Personal Statement Of Freedom

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The winds were ferocious. The temperature below freezing. Each step made it more and more difficult to breath as my heart beat faster and faster yearning for oxygen. We had made the grueling ascent towards the peak in the middle of the night, hiking for hours in pitch-black darkness with the light of our headlamps illuminating only a few feet in front of us. We trekked for five and a half days to finally reach Uhuru peak, the glacier covered summit of Mt. Kilimanjaro. Uhuru means “freedom” in Swahili, and I truly felt free. I will always remember taking in the serene view with my Dad as we triumphantly stood 19,341 feet up in the sky. Shortly after our trip, my dad suffered a heart arrhythmia. Fortunately, he survived but to this day he …show more content…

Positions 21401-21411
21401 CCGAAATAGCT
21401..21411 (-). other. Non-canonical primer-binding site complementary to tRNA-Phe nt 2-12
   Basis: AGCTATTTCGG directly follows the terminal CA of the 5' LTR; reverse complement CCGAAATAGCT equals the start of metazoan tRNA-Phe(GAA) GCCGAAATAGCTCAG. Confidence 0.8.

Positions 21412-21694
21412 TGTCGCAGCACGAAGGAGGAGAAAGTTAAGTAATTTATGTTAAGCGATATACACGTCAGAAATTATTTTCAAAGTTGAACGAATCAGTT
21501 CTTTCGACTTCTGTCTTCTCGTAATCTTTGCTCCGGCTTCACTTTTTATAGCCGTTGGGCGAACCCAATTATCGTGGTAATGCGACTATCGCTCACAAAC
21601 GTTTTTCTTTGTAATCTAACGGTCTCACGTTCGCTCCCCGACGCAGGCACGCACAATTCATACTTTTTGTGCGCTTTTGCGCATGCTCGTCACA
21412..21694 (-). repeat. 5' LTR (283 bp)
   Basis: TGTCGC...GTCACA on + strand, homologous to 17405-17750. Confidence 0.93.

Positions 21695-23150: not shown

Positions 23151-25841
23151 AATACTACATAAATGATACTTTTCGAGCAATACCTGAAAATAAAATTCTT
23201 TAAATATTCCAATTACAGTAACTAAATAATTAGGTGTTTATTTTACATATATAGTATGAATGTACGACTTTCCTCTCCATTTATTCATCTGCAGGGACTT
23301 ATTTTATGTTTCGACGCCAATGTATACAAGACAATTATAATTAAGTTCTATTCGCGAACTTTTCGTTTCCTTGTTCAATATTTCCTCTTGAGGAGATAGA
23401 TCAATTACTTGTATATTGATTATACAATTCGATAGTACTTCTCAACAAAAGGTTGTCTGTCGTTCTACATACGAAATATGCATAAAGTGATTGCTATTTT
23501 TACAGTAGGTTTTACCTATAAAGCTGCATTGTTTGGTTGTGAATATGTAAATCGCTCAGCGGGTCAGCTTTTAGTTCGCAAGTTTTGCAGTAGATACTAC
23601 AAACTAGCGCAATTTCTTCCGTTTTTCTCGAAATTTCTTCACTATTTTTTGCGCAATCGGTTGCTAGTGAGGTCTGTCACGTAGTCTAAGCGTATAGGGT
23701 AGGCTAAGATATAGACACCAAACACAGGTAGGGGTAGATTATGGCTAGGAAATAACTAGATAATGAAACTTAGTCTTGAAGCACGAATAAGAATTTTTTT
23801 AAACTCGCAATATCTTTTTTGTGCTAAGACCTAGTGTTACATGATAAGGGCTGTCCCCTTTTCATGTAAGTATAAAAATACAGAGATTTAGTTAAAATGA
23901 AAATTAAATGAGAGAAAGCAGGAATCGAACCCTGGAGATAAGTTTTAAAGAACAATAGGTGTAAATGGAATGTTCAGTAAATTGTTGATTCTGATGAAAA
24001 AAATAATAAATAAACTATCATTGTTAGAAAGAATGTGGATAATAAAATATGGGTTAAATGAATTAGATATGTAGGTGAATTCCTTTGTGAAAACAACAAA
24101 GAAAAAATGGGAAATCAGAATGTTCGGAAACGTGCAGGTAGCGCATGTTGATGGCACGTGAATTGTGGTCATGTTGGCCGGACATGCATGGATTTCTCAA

It was disheartening to see Victor severely crippled by his illness and his altered reality; however, I was eager to help him and contribute alongside my team to figure out a treatment plan. It was amazing to see Victor’s transformation over the next few days as the antipsychotic began to work on his delusions. I recall walking onto the unit one morning and seeing Victor standing in the hallway as he headed towards the dining room for breakfast. To my surprise he was up out of his room and eating. It was incredible to see a severely debilitated patient slowly regain his life and freedom with time and proper treatment. Working with Victor and the spectrum of patients in the psychiatric ward really affirmed that this is the aspect of medicine where I want to strive to make an impact. I am confident that I possess the patience and humility necessary to help patients during the worst phases of their mental illness. Whether they are angry, depressed, demanding, yelling, or fearful. Whether it is in the addiction unit with a patient who has overdosed, or in the inpatient unit with a patient suffering a manic episode, I feel confident that I am able to treat each patient with compassion as human beings and without judgment. Working with Victor and his mental illness, and making a positive impact in his life gave me more satisfaction and joy than any of my other rotations. A specialty in psychiatry is a good fit

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